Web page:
Sunday, November 16, 2014
Pursue the right culprit on the Protasco fiasco
A posting from a blog in our bloglist, Corporate Governance in Malaysia recently [read here] caught this blog's attention to the Protasco boardroom tussle.
The blog raised the issue on the transparency of the dispute. The Edge, KiniBiz and The Star are actively writing on the mud-slinging between the parties linked to CEO Dato Chong Ket Pen and parties of Tey Por Yee and Ooi Kock Aun.
Details are being revealed and some information have yet to confirmed. By the look of things, the Tey and Ooi side of the story is not heard much.
Anyway why the revelation by Dato Chong now and not then? The blog had raised the issue way back in 2013 to question on the company's ability to pursue the oil rights to develop and produce the field in Indonesia [read here].
Dato Chong alleged that the parties of Tey and Ooi have cheated and swindled some money. In turn, Tey and Ooi claimed to have done money trail that lead to Dato Chong taking money too. However, this usual dispute in Malaysian corporate scene has taken a new precedent never happened before.
There will be two EGMs within the span of two days on November 26 and 28th to sack each other off as Directors. It is fodder for speculative play on the company's shares for those privy to the outcome.
Bigdog has taken a keen interest from the angle of the impartiality of the Chairman, Tan Sri Hadenan Abdul Jalil. In his posting late last night, he highlighted that Hadenan sits on the Board of Directors of the prestigious Maybank and is a Chairman on the Advisory Committee of MACC [read here].
One party, believed to be Ooi have made a MACC report against Dato Chong. Hadenan is seen as siding with management. Isn't it interesting?
More interesting is someone left a link on Bigdog's blog to a newly established blog, Right To Be Heard. It could be anybody since it hardly made much comment.
According to Dato Chong's version, sources said Tey and Oi came to him to invest in Protasco. They introduced him to an oil deal in which he do not know much details. Now two years later, he said they had cheated him and the oil project is a scam.
Naturally, there are lawsuits and throwing the two out is an immediate step.
The link in Bigdog's blog was linked to copies of Sales and Purchase Agreements of the oil and gas deal and Shareholders Agreement dated November 2012. In all the agreements, Dato Chong's signatures can be presumably seen.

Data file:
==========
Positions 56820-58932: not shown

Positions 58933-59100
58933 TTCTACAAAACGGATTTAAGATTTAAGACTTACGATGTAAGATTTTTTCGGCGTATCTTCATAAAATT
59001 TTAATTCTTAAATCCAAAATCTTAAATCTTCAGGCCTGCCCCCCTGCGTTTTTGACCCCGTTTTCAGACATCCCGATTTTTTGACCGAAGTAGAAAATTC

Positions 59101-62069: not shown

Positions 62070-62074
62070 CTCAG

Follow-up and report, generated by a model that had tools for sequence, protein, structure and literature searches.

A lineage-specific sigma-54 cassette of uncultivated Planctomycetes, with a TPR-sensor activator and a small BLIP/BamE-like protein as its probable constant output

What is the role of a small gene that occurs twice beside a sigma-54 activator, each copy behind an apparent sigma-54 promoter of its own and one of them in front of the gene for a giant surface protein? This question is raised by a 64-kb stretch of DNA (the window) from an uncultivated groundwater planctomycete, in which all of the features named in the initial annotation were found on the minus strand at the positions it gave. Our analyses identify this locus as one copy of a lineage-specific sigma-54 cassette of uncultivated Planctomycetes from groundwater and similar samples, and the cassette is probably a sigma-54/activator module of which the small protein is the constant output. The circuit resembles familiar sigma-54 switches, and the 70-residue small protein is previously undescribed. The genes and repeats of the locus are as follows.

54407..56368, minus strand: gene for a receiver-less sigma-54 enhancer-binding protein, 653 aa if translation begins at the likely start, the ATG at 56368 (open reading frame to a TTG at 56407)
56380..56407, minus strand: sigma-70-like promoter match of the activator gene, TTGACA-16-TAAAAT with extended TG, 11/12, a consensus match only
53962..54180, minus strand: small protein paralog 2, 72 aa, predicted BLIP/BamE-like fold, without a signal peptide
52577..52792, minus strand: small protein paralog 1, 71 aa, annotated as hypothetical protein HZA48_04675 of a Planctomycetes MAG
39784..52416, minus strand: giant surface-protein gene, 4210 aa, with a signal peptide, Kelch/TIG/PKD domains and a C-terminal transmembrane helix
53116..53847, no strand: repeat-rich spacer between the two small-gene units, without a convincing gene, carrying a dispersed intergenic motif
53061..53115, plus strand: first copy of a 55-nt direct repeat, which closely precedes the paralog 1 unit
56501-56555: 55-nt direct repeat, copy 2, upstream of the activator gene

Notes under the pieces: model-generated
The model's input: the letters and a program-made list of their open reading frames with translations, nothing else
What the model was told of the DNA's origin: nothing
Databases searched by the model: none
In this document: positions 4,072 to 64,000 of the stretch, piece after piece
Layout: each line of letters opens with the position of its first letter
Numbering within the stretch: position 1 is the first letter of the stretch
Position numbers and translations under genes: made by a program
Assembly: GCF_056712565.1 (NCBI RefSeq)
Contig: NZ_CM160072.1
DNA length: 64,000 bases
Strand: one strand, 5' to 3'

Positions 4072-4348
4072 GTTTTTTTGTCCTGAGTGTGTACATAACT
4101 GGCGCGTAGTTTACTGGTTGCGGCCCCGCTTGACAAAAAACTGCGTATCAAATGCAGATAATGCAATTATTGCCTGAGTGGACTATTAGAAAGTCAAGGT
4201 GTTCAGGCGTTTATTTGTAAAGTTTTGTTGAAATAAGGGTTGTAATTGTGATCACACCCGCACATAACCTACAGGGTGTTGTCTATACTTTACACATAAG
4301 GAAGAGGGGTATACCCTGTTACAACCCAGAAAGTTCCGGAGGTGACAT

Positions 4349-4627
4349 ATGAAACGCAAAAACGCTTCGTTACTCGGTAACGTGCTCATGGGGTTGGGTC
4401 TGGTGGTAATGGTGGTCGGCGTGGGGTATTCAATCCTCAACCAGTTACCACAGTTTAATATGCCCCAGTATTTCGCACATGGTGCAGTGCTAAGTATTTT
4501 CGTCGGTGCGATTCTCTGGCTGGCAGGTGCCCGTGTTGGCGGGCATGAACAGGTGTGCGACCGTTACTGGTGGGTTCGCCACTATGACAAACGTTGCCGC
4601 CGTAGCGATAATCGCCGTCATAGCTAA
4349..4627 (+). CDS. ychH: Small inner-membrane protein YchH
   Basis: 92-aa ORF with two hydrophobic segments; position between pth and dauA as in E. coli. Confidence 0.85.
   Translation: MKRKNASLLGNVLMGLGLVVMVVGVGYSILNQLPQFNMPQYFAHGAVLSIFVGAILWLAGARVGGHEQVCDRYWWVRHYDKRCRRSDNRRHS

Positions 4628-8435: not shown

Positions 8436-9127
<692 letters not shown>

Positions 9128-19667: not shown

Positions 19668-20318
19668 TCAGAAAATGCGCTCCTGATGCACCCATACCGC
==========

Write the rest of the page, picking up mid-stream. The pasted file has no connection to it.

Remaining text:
Unless it was forged and police reports have been made, how could he claim he do not know much? Don't tell us that a public listed company did not do a due dilligence and hire experts to verify? That is a dodgy claim, isn't it?
From calls made to several stockbroker friends, Tey and Ooi could likely be approached to buy Protasco shares from a major shareholders whose getting out in total from the company and giving the stewardship to Dato Chong.
It was known then that the offer to Dato Chong to arrange a buyer and take control of the company was not forever. It may have ended somewhere near the end of 2012.
One aspect of the story that does not make sense is for Tey and Ooi to spend more than RM90 million to buy a minority stake in a company when they have strike black gold in Indonesia and should have used the money to undertake the production.
The Shareholders Agreement seemed possible. It is logical to have Protasco buy over the rights from the Indonesian to pursue the business and the two buys the shares to come on board.
Presumably the Sales and Purchase Agreement of the oil right comes with a Board of Directors' approval and an EGM to undertake such a major investment. Many PLCs as far back as the 80s have terlungkup because of oil and gas exploration.
Dato Chong would not have made the decision on his own. If there is none, Dato Chong deserve to terlungkup. All the razzmatazz from his side on Tey and Ooi could be to cover-up his tracks by removing them from the Board and cancel the whole deal.
It could even be a ploy to have the offered shares parked to some group till he could find another friendly group or he raised some money to buy it. Tey and Ooi's shares can be dealt later. Wonder whether Bursa or SC can see the suspicious going ons?
Although we are not quite sure yet, we are suspicious. It will be something interesting to pursue than pre-PWTC commentaries on UMNO.
The issue of who cheat and swindle money will be for the police to pursue but with a complex corporate deal like this, will the police be able to understand the sophisticated financial transaction and fine legal intricacies?
They could just take the easy low hanging fruits to charge one party with a misdeamenour but left out the bigger trunk of an offense. Easy to make a case or close it up.
It will be sad should the real big culprit get way free. This is about honesty and integrity. The public bought shares on expectations of return on an oil strike. It will not be fair if it turns out to be a mere ploy or con job.
- ► 2018 (101)
- ► 2017 (160)
- ► 2016 (184)
- ► 2015 (214)
- Najib's off-tone extended syllable
- Sedition Act relief
- The much talked about speech today
- More than meet the eyes II
- More than meet the eyes
- Why spend RM97 million to cheat a company for RM50...
- Divine reminder for liberal Azran
- Boardroom tussle to blogsite hustle
- Conduct that raise suspicion
- Pursue the right culprit on the Protasco fiasco
- Something interesting happened in Beijing
- Arrogance and insecurity still prevail
- Open tender for petrol system but not diesel?
- "Orang Semenanjung sudah gila"
- Bet some political low life will say Shahrizat get...
- Could judges misinterpret the law for political ag...
- "Hindu water", Val Paari and National Unity
- Dr Chandra, you presume?
- SIS is sesat
- "Suka sama suka", or sexual harassment?
- Kalimah Allah set-up at KLIA 2
- ▼ November (21)
- ► 2013 (200)
- ► 2012 (202)
- ► 2011 (163)
- ► 2010 (187)
- ► 2009 (285)
- ► 2008 (343)
- ► 2007 (140)